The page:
ITHACA, N.Y – A Cornell University researcher is using optical microscopy and other tools to map the brain’s neural response to psychedelics, an approach that could eventually lead to the development of fast-acting antidepressants and treatments for substance-use disorders and cluster headaches.
“We know more about the pharmacology, how psychedelics work at the structural level, interacting with the brain receptors. But there has been a big void in terms of understanding what they do to the brain itself, at the neural circuit level,” said Alex Kwan, associate professor of biomedical engineering. “There’s a chain of events that happen that ultimately lead to acute and longer-lasting behavioral changes that might be useful for treatment. But in between a lot of that is a black box.”
To synthesize the disparate scientific information and bring it up to date, Kwan and a team of collaborators authored a review paper that explains the basic neurobiology of how psychedelic drugs work at the chemical, molecular, neuronal and network levels, and raises topics for future exploration, such as the impact of compound psychedelics on different types of brain cells.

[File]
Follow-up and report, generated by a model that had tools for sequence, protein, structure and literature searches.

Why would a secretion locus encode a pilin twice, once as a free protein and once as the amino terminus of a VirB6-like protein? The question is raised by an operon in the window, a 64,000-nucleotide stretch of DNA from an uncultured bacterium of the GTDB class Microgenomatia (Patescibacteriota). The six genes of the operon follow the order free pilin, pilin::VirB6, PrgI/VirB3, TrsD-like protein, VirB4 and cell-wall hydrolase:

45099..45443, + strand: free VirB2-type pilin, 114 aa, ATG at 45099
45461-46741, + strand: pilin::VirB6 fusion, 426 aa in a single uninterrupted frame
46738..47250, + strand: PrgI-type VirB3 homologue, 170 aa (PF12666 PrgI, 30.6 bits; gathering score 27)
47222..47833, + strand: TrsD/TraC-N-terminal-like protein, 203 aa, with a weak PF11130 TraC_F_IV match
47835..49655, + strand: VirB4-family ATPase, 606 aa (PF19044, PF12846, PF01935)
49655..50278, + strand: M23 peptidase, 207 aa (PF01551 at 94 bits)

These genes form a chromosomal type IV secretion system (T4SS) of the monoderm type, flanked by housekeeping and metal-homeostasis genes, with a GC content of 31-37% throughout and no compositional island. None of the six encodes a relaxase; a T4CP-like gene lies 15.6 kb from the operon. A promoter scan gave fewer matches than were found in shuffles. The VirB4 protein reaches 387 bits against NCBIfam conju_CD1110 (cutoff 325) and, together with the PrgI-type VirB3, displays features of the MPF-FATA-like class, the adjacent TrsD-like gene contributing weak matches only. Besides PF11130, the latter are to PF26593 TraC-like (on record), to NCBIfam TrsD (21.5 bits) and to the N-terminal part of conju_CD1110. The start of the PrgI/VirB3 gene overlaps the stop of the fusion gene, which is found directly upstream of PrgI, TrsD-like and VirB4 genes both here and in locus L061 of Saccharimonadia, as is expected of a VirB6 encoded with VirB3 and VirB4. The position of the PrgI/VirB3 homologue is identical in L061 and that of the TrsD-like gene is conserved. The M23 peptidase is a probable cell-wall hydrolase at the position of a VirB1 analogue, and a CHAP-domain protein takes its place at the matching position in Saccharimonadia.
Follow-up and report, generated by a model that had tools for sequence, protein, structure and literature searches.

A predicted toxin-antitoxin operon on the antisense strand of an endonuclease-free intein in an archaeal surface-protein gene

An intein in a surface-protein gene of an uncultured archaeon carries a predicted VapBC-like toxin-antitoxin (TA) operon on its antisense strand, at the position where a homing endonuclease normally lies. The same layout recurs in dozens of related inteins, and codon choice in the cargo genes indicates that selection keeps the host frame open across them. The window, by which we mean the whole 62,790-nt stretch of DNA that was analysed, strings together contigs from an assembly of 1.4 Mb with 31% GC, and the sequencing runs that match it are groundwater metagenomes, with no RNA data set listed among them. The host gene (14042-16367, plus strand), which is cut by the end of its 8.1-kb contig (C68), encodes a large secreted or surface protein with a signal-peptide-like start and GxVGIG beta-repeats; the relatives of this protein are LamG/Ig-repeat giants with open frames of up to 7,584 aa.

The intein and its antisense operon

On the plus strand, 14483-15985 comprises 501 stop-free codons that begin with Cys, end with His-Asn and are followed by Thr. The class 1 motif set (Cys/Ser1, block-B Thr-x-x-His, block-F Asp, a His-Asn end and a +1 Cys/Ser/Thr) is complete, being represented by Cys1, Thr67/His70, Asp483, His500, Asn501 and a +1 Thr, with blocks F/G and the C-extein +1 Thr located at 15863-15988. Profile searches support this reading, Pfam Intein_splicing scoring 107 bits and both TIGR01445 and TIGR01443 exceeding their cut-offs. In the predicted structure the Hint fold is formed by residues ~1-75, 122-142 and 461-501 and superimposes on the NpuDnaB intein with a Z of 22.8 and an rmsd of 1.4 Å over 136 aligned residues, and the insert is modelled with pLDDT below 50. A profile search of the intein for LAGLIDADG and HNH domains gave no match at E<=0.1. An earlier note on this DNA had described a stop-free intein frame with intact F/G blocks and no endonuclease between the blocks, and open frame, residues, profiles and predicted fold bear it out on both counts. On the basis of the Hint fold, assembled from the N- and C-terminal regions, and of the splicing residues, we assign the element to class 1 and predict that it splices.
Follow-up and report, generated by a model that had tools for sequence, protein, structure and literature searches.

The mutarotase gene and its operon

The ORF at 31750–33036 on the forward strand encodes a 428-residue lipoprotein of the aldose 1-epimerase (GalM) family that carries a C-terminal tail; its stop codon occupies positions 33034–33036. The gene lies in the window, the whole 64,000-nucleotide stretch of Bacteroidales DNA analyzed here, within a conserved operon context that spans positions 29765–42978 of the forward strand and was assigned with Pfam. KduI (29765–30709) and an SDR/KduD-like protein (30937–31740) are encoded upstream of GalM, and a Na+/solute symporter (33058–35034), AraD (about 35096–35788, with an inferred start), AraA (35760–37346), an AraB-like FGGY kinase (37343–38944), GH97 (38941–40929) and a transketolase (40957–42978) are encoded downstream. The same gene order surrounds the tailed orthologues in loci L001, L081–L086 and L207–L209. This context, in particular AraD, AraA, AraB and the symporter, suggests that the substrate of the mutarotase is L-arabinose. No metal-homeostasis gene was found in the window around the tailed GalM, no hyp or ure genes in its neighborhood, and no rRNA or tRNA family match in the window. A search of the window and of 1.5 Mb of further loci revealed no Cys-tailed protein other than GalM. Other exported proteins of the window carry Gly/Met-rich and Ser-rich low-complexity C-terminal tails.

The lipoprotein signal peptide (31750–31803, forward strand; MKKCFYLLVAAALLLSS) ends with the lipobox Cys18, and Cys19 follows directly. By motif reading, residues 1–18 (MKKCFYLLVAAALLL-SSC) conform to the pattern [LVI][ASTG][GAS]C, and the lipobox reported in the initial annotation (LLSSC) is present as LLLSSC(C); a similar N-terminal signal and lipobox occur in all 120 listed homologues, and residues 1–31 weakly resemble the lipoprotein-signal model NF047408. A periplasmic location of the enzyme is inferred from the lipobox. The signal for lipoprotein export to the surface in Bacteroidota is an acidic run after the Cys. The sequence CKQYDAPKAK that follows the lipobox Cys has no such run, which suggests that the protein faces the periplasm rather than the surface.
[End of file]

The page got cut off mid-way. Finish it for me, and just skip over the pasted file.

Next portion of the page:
Kwan’s research primarily focuses on psilocybin, the active ingredient in so-called magic mushrooms. As psilocybin is already being tested in Phase II clinical trials, it is the most promising candidate for pharmaceutical development. Kwan’s lab is also looking at other compounds, such as 5-methoxy-N, N-dimethyltryptamine (5-MeO-DMT), which is exuded by the glands of the Sonoran Desert Toad as a defense mechanism.
“Scientists used to put electrodes in a rat’s brain, and they would record one neuron at a time. But since then, the field of neuroscience has progressed tremendously,” Kwan said. “Now we have ways to record not one neuron, but tens of thousands. We have ways of controlling neural activity. We have much more rigorous methods to measure animal behavior.”
For more information, see this Cornell Chronicle story.